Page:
The intriguing thing is why we blue-eyed folks became so prevalent in the northern European population - see this map of distribution of "light eyes", taken from a 1960s textbook.
(various internet sources, but originally from from Beals et al., An Introduction to Anthropology, 1965)
There's an assumption underlying a lot of the press coverage (also mentioned by Razib Khan in his blog here) that there was strong positive selection for blue eyes in the northern European population at some point shortly after the mutation happened. There is a linkage between blue eyes, blond hair and fair skin, which is supposedly of adaptive advantage in chilly northern latitudes; there also seems to be some kind of link with adult lactose tolerance. I am struck by the way in which several media sources mention the role of sexual selection, mainly relying on quotes from other geneticists not themselves involved with the Danish research: see here or here. Surely both men and women play a role in this? It seems rather odd to say that blue eyes have persisted and spread because only one gender finds them attractive! (The media reports seem unable to agree as to whether the blue-eye-fancying gender are babes or dudes.)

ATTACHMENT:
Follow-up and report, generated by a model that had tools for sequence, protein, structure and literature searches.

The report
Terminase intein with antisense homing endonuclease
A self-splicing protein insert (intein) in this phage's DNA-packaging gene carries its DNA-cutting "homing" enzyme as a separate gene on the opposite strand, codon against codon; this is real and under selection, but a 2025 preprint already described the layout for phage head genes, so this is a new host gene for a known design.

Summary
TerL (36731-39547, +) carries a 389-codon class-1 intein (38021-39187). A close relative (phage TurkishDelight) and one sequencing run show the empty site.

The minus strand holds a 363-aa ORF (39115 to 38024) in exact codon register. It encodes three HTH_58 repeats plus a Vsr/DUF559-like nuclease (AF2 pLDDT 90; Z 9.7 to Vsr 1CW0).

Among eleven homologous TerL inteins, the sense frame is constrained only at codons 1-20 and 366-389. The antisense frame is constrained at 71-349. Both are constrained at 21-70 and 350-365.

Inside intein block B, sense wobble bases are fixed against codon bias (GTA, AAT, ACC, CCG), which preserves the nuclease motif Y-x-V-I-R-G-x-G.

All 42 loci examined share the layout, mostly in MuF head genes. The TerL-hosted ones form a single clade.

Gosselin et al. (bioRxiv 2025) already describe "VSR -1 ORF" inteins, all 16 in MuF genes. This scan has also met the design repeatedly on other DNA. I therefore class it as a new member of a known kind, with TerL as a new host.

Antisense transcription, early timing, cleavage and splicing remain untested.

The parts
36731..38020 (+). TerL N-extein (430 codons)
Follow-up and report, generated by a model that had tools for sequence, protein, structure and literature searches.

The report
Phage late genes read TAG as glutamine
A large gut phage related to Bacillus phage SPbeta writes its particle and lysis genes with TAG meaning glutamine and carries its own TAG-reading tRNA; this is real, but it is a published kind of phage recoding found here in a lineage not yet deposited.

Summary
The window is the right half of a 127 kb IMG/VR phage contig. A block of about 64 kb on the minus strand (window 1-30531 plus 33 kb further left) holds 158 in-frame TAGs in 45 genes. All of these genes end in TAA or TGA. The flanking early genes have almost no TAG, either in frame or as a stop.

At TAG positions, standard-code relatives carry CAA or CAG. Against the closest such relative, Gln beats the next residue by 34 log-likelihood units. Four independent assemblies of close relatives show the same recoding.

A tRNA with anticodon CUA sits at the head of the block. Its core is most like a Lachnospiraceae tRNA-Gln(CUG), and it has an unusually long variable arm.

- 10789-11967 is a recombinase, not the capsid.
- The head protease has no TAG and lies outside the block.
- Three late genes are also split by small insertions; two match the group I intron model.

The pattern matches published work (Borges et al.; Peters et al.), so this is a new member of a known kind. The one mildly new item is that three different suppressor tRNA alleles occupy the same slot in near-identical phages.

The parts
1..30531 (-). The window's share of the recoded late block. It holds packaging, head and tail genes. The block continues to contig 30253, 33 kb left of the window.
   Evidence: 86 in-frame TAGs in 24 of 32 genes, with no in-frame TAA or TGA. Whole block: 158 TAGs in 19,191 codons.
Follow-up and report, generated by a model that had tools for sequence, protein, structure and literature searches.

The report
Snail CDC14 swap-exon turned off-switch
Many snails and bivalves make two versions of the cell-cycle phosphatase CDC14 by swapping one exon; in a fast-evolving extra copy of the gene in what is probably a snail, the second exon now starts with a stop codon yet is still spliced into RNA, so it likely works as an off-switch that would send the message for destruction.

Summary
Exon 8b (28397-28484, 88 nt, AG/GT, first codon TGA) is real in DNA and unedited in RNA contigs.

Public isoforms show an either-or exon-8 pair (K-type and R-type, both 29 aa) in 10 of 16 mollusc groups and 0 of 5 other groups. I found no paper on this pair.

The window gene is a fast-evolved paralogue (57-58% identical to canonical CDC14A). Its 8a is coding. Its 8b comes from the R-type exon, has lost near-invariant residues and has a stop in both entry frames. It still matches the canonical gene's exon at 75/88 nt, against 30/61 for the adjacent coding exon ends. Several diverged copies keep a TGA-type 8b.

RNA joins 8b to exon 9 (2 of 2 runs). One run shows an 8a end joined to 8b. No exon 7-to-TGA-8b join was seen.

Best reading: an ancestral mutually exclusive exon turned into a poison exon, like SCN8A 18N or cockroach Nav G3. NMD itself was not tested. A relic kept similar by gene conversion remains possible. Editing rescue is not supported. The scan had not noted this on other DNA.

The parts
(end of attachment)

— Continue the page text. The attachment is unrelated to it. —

Razib also rightly excoriates the "discovery" that all blue-eyed people are descended from the person with the original mutation. In fact, if that person lived as long ago as 10,000 years before the present, it's very likely that all human beings alive today are descended from him or her one way or another; as I've written before, I'm convinced by the calculations that the most recent common ancestor of all humanity lived in historical times, and the original blue-eyed recessive lived much longer ago.
It's easy (and it's also fun) to mock the press coverage for attempting to sex up the Copenhagen research. All rather fascinating, though, and yet another reminder of how closely inter-related we all are.